There were reports of clashes between picketing students and those wanting to attend lectures, as well as threats made on social media by protesters.
A professor who teaches economics at the university said: ‘There is always trouble when a strike is called.
‘They have let us teachers pass, but if you wanted to remove the chairs it is the usual mess. It makes me crazy, they justify what they do, but you are not allowed to speak.’
The unnamed professor said numerous classes had been suspended as a result of the protests.
A law professor added: ‘There was a mess because many students wanted to come in and argued with the picket because they wanted to pass, but the picket did not change its attitude.
He added that of the ‘hundreds of students who usually attend each day’, only 50 made it inside.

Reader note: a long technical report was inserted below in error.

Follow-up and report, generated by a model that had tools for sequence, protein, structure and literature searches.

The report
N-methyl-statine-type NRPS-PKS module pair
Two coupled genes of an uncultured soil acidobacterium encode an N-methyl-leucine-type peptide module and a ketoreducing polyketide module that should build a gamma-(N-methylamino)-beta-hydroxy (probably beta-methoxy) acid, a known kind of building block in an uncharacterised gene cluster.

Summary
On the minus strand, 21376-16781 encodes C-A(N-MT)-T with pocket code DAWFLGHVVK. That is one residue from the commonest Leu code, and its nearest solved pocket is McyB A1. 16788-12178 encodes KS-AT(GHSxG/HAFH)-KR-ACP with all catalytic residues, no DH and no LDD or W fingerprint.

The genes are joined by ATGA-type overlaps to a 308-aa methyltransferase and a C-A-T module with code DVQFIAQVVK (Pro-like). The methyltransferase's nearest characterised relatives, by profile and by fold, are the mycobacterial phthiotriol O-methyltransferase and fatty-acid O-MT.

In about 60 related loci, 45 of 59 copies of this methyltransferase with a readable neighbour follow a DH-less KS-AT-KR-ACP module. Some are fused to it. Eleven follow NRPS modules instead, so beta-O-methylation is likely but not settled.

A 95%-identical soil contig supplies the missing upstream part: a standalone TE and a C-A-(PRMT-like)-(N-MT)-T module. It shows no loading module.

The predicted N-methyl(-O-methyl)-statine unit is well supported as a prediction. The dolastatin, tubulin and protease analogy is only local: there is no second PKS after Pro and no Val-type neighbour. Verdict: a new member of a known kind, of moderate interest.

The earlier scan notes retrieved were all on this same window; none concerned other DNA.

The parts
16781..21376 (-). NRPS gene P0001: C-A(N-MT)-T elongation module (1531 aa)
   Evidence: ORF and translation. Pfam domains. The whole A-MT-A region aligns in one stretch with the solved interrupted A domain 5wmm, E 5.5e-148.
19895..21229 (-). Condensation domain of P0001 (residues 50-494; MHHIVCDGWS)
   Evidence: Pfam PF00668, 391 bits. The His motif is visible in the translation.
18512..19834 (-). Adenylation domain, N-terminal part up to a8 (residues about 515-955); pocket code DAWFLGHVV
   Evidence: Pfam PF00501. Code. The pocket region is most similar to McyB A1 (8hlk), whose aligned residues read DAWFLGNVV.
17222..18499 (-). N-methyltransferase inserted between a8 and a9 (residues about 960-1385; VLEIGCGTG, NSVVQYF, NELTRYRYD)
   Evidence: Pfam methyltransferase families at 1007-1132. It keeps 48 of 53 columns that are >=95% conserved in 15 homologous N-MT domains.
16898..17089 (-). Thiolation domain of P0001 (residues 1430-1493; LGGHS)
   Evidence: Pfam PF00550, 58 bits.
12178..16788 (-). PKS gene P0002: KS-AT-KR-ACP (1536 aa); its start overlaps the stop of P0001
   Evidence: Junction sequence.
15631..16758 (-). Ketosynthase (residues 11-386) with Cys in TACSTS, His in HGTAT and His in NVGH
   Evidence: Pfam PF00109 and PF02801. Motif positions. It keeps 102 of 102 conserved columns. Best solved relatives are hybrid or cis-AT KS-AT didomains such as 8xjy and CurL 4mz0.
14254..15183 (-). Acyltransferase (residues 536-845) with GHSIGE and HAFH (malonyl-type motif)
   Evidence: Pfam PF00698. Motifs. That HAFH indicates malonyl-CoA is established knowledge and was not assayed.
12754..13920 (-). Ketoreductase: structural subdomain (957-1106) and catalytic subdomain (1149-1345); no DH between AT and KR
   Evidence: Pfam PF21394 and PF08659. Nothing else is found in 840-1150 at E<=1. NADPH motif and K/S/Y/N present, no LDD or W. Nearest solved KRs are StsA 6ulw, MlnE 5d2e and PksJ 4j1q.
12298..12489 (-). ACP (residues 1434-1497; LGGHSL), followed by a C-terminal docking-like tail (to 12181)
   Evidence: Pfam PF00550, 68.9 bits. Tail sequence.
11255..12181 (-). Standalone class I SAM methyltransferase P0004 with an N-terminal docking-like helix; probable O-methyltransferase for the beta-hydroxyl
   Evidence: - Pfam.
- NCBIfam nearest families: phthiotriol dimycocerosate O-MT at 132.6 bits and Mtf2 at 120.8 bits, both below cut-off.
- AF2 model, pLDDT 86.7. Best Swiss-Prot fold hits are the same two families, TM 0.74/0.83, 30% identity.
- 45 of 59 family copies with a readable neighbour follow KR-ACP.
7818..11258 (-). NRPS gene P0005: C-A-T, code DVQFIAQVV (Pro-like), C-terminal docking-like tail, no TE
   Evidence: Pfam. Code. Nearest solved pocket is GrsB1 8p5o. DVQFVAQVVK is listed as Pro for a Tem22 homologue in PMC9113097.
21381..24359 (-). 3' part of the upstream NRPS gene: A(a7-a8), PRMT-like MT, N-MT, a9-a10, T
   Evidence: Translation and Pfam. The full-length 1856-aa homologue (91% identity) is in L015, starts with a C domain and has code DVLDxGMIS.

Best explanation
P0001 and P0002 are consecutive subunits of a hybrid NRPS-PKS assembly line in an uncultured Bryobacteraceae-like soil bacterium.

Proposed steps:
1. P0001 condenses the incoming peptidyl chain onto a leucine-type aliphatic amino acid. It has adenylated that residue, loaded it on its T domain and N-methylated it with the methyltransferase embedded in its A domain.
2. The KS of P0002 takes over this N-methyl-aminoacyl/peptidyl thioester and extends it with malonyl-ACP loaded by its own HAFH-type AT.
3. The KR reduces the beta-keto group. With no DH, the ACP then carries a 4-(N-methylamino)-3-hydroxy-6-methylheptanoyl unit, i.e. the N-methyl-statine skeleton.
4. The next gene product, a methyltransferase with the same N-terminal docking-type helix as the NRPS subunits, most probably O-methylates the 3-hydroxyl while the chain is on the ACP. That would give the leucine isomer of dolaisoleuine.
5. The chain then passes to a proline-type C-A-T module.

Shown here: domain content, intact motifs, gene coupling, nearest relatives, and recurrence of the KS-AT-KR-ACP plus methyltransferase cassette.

Catalans are fiercely protective of their language, culture and autonomy – restored after the 1939-75 dictatorship of Francisco Franco.
Fears for Catalonia’s economy have increased as uncertainty persists over the independence drive, with some 1,600 companies having moved their legal headquarters out of the region in recent weeks.
Catalonia accounts for about 16 percent of Spain’s population and a fifth of its economic output.
Catalan president Carles Puigdemont (right) and Catalan regional vice president and chief of economy and finance Oriol Junqueras attend a session at Catalan parliament on Thursday evening
Hands up: Students gesture as they march during a protest against the Spanish government announcement of implementing the article 155 in Catalonia